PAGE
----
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Ars Pharmaceutica (Internet)

On-line version ISSN 2340-9894

Ars Pharm vol.60 n.3 Granada Jul./Sep. 2019  Epub Mar 09, 2020 

Original Articles

Performance evaluation of maize starch as a multifunctional excipient in metronidazole tablet formulation

Evaluación del rendimiento del almidón de maíz como excipiente multifuncional en la formulación de comprimidos de metronidazol

Yonni Eshovo Apeji1  *  , Ali Abdulhakim1  , Sophie Nock Anyebe1  , Oluwaseun Adenike Orugun2  , Adeniji Kehinde Olowosulu1  , Avosuahi Rukayat Oyi1 

1Faculty of Pharmaceutical Sciences, Ahmadu Bello University, Zaria, Nigeria.

2Faculty of Pharmaceutical Sciences, Kaduna State University, Kaduna State, Nigeria.



The aim of this study was to evaluate the performance of maize starch as a multifunctional excipient in metronidazole tablet formulation.


Metronidazole tablets were prepared by wet granulation containing maize starch as diluent (40 %), disintegrant (10 %), and binder (5 %) and compared with a reference formulation containing lactose as diluent (40 %), maize starch as disintegrant (10 %) and acacia as binder (5 %). The granules were analysed for particle size, flow properties, compressibility and moisture content. Tablets weighing 500 mg were compressed for both formulations on a Single Punch Tablet Press using a 12 mm flat-faced punches at 57.5 MPa. The tablets were kept for 24 h to allow for elastic recovery and evaluated for weight and content uniformity, thickness, crushing strength, friability, disintegration time and in vitro drug release.


The granule properties revealed differences in mean granule size, angle of repose, bulk and tapped densities for both formulations. Batch I tablets gave rise to better tableting properties compared to batch II tablets.


This study confirms the suitability of maize starch as a multifunctional excipient in tablet formulation.

Keywords: Maize starch; multifunctional excipient; granules; tableting



El objetivo de este estudio fue evaluar el rendimiento del almidón de maíz como excipiente multifuncional en la formulación de comprimidos de metronidazol.


Metronidazol Tabletas En Honorario preparado por granulación húmeda que contiene almidón de maíz como diluyente (40%), desintegrante (10%) y aglutinante (5%) y en comparación con una formulación de referencia que contiene lactosa como diluyente (40%), almidón de maíz como desintegrante (10%) y Acacia como aglutinante (5%). Los gránulos se analizaron para el tamaño de partícula, propiedades de flujo, compresibilidad y contenido de humedad. Las tabletas con un peso de 500 mg fueron comprimidas para ambas formulaciones en una simple Punch Tablet Press usando un punzón de 12 mm de cara plana en 57,5 MPa. Los comprimidos se mantuvieron durante 24 h para permitir la recuperación elástica y evaluar el peso y el contenido uniformidad, espesor, resistencia a la trituración, friabilidad, tiempo de desintegración y in vitro liberación de drogas.


Las propiedades del gránulo revelaron diferencias en el tamaño medio del gránulo, el ángulo de reposo, las densidades a granel y roscado para ambas formulaciones. Los comprimidos de Batch I dieron lugar a mejores propiedades de comprimidos en comparación con los comprimidos de lote II.


Este estudio confirma la idoneidad del almidón de maíz como excipiente multifuncional en la formulación de comprimidos.

Palabras clave: Almidón de maíz; excipiente multifuncional; gránulos; comprimides


Tablets are prepared by compressing unit volumes of granules or a powder blend of the active drug and excipients. Excipients are added in optimal quantities to a formulation to facilitate the tableting process and ensure that the desired quality of the tablet is achieved. For this reason, excipients have been regarded as functional components of a formulation1 because they contribute significantly to the processing, stability, safety, bioavailability and performance of the dosage form containing the drug. Among the many examples available to the pharmaceutical industry, starches constitute a major source of excipients in tablet formulation. They have been drawn from a wide variety of sources including cereal and tuber crops and have been used extensively as diluents, disintegrants, binders and glidants in tablet formulation2,3. Due to their versatility and robust nature, starches can perform several functions in a formulation depending on its mode of incorporation. As a powder, starches can be incorporated as a bulking agent4, intra- or extragranular disintegrant5,6 and glidant4 while as a paste, starches have been utilized as binders7 8-9 in tablet formulation with excellent results. Starches, therefore, have the potential for multifunctional application in tablet formulation. In the present study, maize starch was evaluated as a multifunctional excipient in the formulation of metronidazole tablets by wet granulation. Maize starch was incorporated concurrently as a diluent, disintegrant and binder in metronidazole tablet formulation and compared with a reference formulation containing lactose as diluent, maize starch as disintegrant and acacia as binder using the same concentrations.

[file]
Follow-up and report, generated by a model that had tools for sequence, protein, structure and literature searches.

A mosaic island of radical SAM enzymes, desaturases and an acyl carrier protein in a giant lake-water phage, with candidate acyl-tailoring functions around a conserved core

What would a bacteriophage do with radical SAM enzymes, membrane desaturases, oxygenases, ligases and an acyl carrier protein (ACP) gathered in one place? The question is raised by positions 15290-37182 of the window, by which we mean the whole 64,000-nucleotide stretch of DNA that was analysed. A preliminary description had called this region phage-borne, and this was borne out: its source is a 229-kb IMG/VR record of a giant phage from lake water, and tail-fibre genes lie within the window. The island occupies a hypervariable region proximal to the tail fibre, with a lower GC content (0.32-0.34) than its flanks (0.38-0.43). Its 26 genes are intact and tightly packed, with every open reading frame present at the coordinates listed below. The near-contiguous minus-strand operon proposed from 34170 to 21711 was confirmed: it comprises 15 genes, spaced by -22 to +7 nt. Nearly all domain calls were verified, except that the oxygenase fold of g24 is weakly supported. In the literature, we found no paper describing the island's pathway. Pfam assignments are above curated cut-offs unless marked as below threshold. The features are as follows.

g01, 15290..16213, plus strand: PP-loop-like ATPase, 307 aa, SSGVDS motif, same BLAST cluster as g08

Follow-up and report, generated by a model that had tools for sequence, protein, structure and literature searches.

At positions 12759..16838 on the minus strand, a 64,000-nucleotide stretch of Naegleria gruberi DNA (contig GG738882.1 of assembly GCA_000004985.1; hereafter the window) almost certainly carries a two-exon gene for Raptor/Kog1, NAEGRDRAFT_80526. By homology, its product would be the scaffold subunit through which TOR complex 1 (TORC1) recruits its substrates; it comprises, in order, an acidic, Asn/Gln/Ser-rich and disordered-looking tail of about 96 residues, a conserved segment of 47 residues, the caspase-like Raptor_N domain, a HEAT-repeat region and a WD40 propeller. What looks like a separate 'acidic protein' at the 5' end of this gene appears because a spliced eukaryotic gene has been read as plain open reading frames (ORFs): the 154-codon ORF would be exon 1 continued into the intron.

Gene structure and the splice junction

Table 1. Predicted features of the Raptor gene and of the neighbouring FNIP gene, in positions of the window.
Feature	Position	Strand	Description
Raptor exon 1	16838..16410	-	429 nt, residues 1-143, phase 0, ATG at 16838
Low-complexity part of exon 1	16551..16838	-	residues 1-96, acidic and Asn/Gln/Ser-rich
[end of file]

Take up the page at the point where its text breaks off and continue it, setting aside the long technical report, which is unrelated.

Metronidazole (Central Drug House (P) Ltd. New Delhi), Maize Starch (Burgoyne Burbidge & Co. (India), Mumbai), Lactose (DFE Pharma, Germany), Acacia (Kerry Ingredients and flavours Ltd, Ireland), Colloidal silicon dioxide (Evonik Industries, Germany), Sodium Stearyl Fumarate (JRS Pharma, Germany). All other materials used were of pharmaceutical grade.


Preparation of metronidazole granules and tablets

Metronidazole granules were prepared by mixing metronidazole powder (30 g), lactose (filler, 30 g) and maize starch (disintegrant, 7.5 g) together in a mortar and pestle for 5 mins. A binder solution containing acacia (3.75 g) was prepared and incorporated to mass the powder mix. The massed powder was screened by passing through a sieve (1.6 mm). The granules formed were dried in the oven at 40 °C for 10 mins. Subsequently, the granules were passed through sieve (0.8 mm) and dried completely in the oven at 40 °C for 2 h. The entire process of granulation was repeated using maize starch as filler, binder and disintegrant in the same proportions as above. The granules were characterized for particle size, angle of repose, bulk density, tapped density, Carr’s index, Hausner’s ratio and moisture content according to reference methods. The granules were then lubricated by mixing with colloidal silicon dioxide and sodium stearyl fumarate for 5 mins. The lubricated granules were fed automatically into die cavity measuring 12 mm from the hopper and compressed into tablets weighing 500 mg at a compression pressure of 57.5 MPa on a Single Punch Tablet Press (Type EKO, Erweka, Apparatebau, Germany). Tablets were ejected from the die and kept for 24 h to allow for elastic recovery prior to evaluation of tablet properties. The formula for preparing granules and tablet is given in Table 1 below.